Holly Hunt's Gavin Perry: Guitar Heroes of South Florida

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Monica McGivern

Holly Hunt's Gavin Perry is quite the antithesis of the archetypal "guitar hero." But Perry's approach to the instrument, as a coconspirator in creating the crushing sonic monolith that is Holly Hunt's sound, undoubtedly qualifies him as an hero of sorts.

With the unchecked proliferation of sludge, stoner, and doom-metal bands that have spawned in recent years, Holly Hunt is an anomaly in that the duo (Perry plays with his partner Beatriz Monteavaro) has developed an extremely original sound without the assistance of vocals or even a bass player. Thanks in no small part to Perry's sludge/psych guitar style, Holly Hunt's music is as imposing as it is intriguing: A pummeling, repetitious assault of texture and color, delivered with gloriously unbridled volume.

As anyone who has ever experienced the cocktail of fear and excitement provoked by staring down Perry's wall of amplified death in the flesh can attest, the band's sound relies heavily on some rather unique kit. Perry has painstakingly curated his setup through years of experimentation and Ebay crawling to bring the sounds in his head to wall-shaking reality.

It includes guitars crafted of aircraft aluminum, pedalboards that would undoubtedly catch a nod and a wink of approval from Kevin Shields, and a battery of vintage amplifiers honed and tuned for maximum destruction by a mysterious Austrian amp wizard living in Broward County.

Holly Hunt recently returned from its first tour of the West coast and the duo is already recording a fresh batch of destruction with Torche's Jonathan Nunez at Miami's Pinecrust Studios for an impending split release with Irish band Slomatics.

We spoke with Perry about his evolution as a guitarist, his quest for sonic nirvana, and the gear that goes into making Holly Hunt's sound.

New Times: How did you get into playing guitar? What was your path to the instrument?
Gavin Perry: Early, it was standard sort of high school kid, listening to punk-rock music and wanting to experience that. I had some music in my family: I took cello, my sister took piano, my mom's a pretty accomplished pianist.

I guess my earliest experiences of rock music was listening to the Who and wanting to be Keith Moon, and my uncle happened to have essentially Keith Moon's Ludwig set; same model, same era. He wasn't using it, so I asked him if I could borrow it and he left it with me and said, "Good luck!"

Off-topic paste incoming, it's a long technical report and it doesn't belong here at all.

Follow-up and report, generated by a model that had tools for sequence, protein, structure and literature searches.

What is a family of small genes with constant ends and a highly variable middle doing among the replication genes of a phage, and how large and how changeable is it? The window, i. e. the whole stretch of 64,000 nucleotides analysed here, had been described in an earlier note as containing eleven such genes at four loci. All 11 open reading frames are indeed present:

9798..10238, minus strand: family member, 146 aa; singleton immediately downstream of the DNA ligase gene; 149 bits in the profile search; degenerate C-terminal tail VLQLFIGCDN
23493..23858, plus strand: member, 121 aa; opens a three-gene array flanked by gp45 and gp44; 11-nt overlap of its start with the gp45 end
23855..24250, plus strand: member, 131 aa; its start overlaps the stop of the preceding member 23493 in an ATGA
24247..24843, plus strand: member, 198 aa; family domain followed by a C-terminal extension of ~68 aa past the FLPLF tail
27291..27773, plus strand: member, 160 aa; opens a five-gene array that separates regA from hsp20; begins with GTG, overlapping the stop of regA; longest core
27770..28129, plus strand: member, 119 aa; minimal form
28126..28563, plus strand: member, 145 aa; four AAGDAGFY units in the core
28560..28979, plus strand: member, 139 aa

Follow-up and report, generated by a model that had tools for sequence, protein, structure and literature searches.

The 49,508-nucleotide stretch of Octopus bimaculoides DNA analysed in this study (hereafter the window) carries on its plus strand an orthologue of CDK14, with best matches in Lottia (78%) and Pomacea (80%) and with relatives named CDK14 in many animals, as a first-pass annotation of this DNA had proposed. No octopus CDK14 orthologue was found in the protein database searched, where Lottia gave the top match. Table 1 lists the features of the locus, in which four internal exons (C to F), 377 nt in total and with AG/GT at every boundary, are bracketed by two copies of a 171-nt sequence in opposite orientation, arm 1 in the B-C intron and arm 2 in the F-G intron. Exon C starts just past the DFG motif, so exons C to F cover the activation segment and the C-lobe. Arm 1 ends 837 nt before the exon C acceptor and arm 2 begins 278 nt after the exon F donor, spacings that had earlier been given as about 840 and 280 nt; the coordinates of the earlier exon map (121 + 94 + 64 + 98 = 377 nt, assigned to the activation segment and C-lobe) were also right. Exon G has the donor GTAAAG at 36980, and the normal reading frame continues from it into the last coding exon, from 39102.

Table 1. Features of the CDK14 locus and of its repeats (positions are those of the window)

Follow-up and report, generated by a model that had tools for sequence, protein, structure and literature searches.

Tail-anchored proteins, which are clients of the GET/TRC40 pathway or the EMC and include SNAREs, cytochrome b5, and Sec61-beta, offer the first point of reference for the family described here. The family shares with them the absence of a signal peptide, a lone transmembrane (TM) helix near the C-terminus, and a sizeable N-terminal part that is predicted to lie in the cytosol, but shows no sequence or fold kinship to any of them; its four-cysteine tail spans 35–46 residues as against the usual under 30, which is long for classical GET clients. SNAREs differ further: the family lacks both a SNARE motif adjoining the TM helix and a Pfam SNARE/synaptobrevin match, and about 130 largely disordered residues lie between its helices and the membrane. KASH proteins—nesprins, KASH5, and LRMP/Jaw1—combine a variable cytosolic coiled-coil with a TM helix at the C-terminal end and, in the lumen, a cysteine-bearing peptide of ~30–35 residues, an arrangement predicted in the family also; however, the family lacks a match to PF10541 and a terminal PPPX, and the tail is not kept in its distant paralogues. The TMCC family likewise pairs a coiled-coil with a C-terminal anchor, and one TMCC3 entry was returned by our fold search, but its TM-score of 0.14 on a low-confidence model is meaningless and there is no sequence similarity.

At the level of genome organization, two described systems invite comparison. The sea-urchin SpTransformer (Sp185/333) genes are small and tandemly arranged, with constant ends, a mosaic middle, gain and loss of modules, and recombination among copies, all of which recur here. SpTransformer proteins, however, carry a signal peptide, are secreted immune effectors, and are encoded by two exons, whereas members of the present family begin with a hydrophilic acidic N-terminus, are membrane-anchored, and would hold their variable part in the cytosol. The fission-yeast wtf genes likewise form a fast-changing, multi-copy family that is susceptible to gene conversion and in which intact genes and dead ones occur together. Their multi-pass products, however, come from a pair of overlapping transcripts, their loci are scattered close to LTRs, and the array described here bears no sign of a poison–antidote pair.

So, trying to learn Keith Moon. I probably should've selected a little bit easier learning curve. So I obviously didn't end up becoming a drummer. That kind of faded out pretty quickly, but for guitar, I guess maybe my stepbrother was playing? So I started playing and met some kids, started playing with them, but then I went to school and kind of just stopped. I think at some point, I just didn't get good enough fast enough and I didn't know what to do or how to do it, so I just was like, "OK, I'll focus my energies somewhere else."

The return to it was going to a show. I saw Torche and Harvey Milk and was blown away. Not even by the sets, per say -- obviously the sets were good -- but it was the sound, the feel, the energy, the vibe, the whole atmosphere was just like on fire.

I turned to Betty (Monteavaro) as soon as Harvey Milk started and was like, "I gotta go buy my gear again!" And she was like "What, what!?" and she was like, "You know, maybe you could use like a practice amp for a while." And I said "No, no. I need to feel that!"

Between the Who's influence, punk-rock, and the bands that played that show, it seems like the energy you honed in on has always been pretty consistent.
Pete Townshend is probably one of my favorite guitarists. I think as a rhythm guitar player, doing what I do, he's a guiding light. Without being trite about it, it's one of the reasons I'm happy I have Hiwatts. I bought them for another reason, but once I had them, I was like "Yeah, I understand why I really like this sound: This sound is the sound that I've heard in my head from when I was 12."

Coming back to guitar as an adult is certainly a unique position to be in, especially in the doom/sludge scene you became a part of. What was that like? Do you think it helped you focus more on the end product rather than the technicalities?
Terrifying, on a certain level. How do you start? How do you start at 40? I couldn't focus solely on the technical aspects. I have some skills, I know some things, I took some lessons. But all of those were from 20 years ago. They sort of bubble up as you keep playing. You start to remember stuff and, for me at least, I started to put together progressions and patterns based on what I remembered from the skills I had been taught and I started to figure out what it was I was hearing in other people's music and saying, "Oh, that's why that sounds that way, that's why that works that way," and it started to make a different kind of sense for me.

Outset for Holly Hunt, yeah, I didn't want to be playing "Mary Had a Little Lamb," per say, but at the same time, maybe that was the level that I was at. So, you do what you do. You have to proceed with what you have and work on at it as you go. At the same time, I didn't have aspirations of this thing being more than a couple of months. You know? And I still don't!

I'm surprised we're four years going on five years in, and we have some releases out and we're looking at more releases. It's amazing to me that it's happened the way it's happened.

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